Flush with millions of dollars in campaign cash from the fossil fuel industry, Romney has developed an energy plan devoted almost exclusively to oil, gas, and coal production. Meanwhile, he has mocked climate change in speeches and has called vehicle efficiency targets that would dramatically reduce petroleum consumption “extreme.”
But in 2005, while governor of Massachusetts, Romney’s number one energy priority was to lower oil use through efficiency, conservation, and renewable energy promotion. In a 2005 interview with Hardball’s Chris Matthews, Romney outlined his strong desire to lower oil consumption — including offering government incentives for efficiency measures:
ROMNEY: It‘s going to be a tough winter, for two reasons. One, the price of heating oil is going to be high, and number two, we are not going to have as much natural gas as we are used to, and that‘s because of what‘s happened in the Gulf. As a result, people are going to have to turn down their thermostats, we are going to have to do a lot in terms of insulation and conservation, and we‘re going to have to also have financial support from the state government and the federal government, and we‘ve just put in place a program to put in tens of millions of dollars in support for the poor, for those who are on fixed incomes and that are poor.
Ultimately, however, we have got to learn to use a lot less oil in this country, and that‘s efficiency. That‘s conservation, that‘s automobiles that use less energy.
Today, Romney has completely reversed course on this position — even while polls show that far more Americans support promoting renewable energy and efficiency instead of fossil fuels.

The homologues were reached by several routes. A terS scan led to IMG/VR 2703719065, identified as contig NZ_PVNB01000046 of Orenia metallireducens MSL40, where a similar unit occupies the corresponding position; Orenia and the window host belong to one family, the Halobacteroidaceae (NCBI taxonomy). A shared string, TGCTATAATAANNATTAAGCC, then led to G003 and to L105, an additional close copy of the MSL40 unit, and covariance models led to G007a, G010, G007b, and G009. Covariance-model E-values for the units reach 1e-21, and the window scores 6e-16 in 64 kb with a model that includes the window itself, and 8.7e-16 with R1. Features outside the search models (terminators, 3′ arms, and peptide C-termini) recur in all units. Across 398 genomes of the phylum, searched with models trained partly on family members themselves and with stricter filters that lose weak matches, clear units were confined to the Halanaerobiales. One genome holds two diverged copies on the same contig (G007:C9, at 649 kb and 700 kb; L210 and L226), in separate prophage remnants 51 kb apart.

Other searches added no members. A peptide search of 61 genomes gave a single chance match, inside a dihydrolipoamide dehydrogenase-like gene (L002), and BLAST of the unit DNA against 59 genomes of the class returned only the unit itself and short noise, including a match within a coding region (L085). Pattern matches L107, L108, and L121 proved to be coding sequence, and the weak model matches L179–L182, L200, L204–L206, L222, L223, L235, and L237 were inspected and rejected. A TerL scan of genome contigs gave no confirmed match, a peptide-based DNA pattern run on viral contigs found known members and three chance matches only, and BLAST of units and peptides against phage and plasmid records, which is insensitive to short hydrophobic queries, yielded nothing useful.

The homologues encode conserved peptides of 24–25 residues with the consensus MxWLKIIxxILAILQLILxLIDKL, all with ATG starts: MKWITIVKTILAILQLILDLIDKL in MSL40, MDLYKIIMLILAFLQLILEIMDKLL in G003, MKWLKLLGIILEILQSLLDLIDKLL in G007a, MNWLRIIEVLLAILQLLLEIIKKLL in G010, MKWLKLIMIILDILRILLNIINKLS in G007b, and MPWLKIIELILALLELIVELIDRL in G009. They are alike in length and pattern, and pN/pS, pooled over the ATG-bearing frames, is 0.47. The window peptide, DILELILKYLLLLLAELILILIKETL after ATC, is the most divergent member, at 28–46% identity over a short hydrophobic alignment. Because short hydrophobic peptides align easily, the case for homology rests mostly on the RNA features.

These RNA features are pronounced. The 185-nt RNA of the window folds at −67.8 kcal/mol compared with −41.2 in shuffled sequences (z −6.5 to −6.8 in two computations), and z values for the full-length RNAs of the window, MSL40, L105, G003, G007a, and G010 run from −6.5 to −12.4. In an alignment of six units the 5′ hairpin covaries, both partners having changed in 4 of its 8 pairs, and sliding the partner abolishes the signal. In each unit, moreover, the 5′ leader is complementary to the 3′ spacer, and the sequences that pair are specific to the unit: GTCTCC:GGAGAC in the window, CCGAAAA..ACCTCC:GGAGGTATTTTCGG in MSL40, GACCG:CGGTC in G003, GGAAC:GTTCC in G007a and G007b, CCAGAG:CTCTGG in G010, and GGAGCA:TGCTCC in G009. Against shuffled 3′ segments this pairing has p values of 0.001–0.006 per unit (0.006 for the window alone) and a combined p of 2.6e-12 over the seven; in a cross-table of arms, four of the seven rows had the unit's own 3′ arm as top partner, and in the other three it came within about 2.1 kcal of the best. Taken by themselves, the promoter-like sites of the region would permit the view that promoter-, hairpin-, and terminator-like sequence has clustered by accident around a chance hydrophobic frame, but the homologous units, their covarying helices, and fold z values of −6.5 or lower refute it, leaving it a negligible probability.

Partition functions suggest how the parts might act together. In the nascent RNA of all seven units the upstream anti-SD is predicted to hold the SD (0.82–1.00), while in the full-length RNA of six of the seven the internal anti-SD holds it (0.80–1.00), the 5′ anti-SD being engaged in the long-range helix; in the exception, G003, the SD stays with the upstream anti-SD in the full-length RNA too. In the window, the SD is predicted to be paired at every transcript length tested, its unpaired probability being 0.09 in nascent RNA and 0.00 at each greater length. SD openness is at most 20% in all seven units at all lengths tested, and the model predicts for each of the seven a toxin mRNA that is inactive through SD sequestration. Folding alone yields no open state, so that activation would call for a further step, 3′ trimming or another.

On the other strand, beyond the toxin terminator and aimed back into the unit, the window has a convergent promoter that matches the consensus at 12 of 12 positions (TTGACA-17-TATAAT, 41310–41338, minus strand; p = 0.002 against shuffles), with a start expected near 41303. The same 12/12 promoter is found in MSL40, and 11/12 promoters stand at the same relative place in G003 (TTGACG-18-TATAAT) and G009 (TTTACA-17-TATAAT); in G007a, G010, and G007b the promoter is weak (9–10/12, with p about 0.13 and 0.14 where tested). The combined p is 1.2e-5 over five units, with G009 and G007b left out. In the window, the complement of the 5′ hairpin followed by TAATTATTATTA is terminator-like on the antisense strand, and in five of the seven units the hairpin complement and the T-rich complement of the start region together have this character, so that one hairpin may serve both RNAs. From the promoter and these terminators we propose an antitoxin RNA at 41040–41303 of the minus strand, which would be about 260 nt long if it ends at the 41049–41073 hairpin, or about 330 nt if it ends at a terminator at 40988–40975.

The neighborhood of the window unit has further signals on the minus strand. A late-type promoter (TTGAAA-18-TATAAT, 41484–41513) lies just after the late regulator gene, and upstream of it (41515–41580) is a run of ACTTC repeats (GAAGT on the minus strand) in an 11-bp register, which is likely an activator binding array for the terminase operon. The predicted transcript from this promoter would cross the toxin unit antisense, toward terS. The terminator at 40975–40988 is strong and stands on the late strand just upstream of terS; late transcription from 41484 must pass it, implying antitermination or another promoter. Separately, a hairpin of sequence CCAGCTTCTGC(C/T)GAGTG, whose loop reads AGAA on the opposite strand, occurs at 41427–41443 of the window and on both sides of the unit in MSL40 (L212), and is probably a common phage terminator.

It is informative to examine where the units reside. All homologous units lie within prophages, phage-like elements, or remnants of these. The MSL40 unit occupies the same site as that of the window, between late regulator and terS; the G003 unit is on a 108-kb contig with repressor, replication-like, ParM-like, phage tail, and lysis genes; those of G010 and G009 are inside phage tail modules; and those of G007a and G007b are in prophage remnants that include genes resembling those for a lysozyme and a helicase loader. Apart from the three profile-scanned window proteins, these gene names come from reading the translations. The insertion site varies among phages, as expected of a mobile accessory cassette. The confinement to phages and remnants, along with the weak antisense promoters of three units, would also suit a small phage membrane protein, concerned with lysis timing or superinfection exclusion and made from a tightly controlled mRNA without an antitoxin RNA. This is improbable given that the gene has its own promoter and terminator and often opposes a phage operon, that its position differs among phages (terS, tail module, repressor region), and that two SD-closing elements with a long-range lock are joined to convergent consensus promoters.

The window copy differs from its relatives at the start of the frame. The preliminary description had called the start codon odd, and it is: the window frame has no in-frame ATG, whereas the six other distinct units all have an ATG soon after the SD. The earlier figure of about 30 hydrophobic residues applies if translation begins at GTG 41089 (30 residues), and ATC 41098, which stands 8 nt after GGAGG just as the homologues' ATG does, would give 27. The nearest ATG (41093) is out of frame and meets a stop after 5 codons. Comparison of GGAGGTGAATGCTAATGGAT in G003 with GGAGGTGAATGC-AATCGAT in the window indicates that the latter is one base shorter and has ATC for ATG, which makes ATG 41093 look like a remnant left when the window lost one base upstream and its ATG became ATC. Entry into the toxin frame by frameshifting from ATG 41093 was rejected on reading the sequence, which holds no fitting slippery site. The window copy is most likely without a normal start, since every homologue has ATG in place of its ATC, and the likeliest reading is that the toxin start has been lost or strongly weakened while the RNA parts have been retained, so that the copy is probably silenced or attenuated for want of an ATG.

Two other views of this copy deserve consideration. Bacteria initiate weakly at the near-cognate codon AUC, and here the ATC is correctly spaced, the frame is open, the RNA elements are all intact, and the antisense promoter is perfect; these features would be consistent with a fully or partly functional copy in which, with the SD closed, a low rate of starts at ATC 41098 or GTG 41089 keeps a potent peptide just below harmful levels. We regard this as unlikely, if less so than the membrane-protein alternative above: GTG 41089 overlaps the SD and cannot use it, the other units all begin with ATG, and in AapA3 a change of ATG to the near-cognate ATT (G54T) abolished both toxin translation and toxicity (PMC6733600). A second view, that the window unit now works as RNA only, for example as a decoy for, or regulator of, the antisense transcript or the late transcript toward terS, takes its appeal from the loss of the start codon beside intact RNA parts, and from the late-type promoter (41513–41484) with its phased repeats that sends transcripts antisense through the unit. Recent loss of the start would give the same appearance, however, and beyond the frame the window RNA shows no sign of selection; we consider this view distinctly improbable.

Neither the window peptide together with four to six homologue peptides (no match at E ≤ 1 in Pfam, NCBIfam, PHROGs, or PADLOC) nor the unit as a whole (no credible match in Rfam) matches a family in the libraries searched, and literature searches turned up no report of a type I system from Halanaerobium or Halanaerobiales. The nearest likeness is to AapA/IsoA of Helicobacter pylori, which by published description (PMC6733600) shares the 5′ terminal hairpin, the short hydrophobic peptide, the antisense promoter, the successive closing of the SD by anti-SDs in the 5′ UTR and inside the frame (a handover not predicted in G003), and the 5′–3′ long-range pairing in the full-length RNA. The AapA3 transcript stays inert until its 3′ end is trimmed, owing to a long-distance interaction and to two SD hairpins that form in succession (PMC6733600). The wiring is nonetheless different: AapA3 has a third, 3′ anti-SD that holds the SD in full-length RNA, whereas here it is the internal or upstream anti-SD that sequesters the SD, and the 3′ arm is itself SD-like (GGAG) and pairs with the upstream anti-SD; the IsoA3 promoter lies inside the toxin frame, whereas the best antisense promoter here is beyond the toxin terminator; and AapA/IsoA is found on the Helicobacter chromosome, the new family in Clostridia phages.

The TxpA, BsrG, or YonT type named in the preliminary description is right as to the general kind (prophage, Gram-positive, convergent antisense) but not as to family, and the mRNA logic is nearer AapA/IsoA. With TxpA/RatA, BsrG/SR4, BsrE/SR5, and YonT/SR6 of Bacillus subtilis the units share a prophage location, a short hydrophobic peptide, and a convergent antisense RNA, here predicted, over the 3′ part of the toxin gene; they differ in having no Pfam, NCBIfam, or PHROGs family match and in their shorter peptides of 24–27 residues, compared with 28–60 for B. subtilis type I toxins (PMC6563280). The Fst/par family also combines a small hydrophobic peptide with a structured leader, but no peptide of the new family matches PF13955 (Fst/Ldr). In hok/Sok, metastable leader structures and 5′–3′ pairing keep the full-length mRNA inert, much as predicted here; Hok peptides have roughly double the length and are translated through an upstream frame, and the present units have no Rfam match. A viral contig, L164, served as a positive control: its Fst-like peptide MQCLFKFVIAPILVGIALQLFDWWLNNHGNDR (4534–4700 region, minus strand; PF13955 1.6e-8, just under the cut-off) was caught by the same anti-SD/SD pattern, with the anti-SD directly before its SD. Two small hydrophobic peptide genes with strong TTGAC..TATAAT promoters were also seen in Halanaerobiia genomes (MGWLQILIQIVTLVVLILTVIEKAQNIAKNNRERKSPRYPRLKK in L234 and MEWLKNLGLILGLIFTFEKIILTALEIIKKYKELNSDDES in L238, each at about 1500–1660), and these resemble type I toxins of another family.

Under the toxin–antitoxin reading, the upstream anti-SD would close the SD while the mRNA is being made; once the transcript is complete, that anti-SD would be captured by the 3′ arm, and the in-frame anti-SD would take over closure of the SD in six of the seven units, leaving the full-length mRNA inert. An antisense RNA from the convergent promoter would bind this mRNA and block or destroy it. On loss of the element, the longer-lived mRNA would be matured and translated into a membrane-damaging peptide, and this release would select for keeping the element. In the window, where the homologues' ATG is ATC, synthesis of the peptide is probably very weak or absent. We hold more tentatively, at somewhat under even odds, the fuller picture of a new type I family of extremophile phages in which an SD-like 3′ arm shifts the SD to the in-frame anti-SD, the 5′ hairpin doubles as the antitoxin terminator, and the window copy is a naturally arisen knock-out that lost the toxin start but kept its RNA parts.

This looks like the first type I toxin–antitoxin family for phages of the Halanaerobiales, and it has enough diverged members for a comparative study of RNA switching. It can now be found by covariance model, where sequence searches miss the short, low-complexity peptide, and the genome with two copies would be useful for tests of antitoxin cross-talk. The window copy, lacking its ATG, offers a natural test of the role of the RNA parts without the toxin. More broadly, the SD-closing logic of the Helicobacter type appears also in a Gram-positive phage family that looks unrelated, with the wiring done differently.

This dramatic change is not surprising considering the amount of money Romney has taken from the fossil fuel industry. According to a New York Times analysis, pro-fossil fuel groups have donated $13 million directly to the Romney campaign or to political action groups supporting Romney. That compares to just $78,000 for the Obama campaign.
In addition, outside interest groups have spent $153 million on campaign ads promoting oil, gas and coal while criticizing renewable energy.
And so, Romney has tailored his message accordingly, now saying that more oil production is the answer: “The best thing we can do to get the price of gas to be more moderate and not have to be dependent upon the cartel is: drill in the gulf, drill in the outer continent shelf, drill in ANWR, drill in North Dakota, South Dakota, drill in Oklahoma and Texas,” he continues repeating.
In fact, history has shown that more drilling will not necessarily lower gas prices for Americans. An Associated Press analysis of 36 years of data showed no statistical correlation between increased drilling and lower gas prices. Even today, with U.S. oil production at its highest level since 1997, gas prices continue to hover near historic highs.
According to a recent Congressional Budget Office report, the only way to protect Americans from gas price spikes is to use less oil through efficiency and conservation — exactly what Romney wanted to do before he outsourced his messaging to the fossil fuel industry.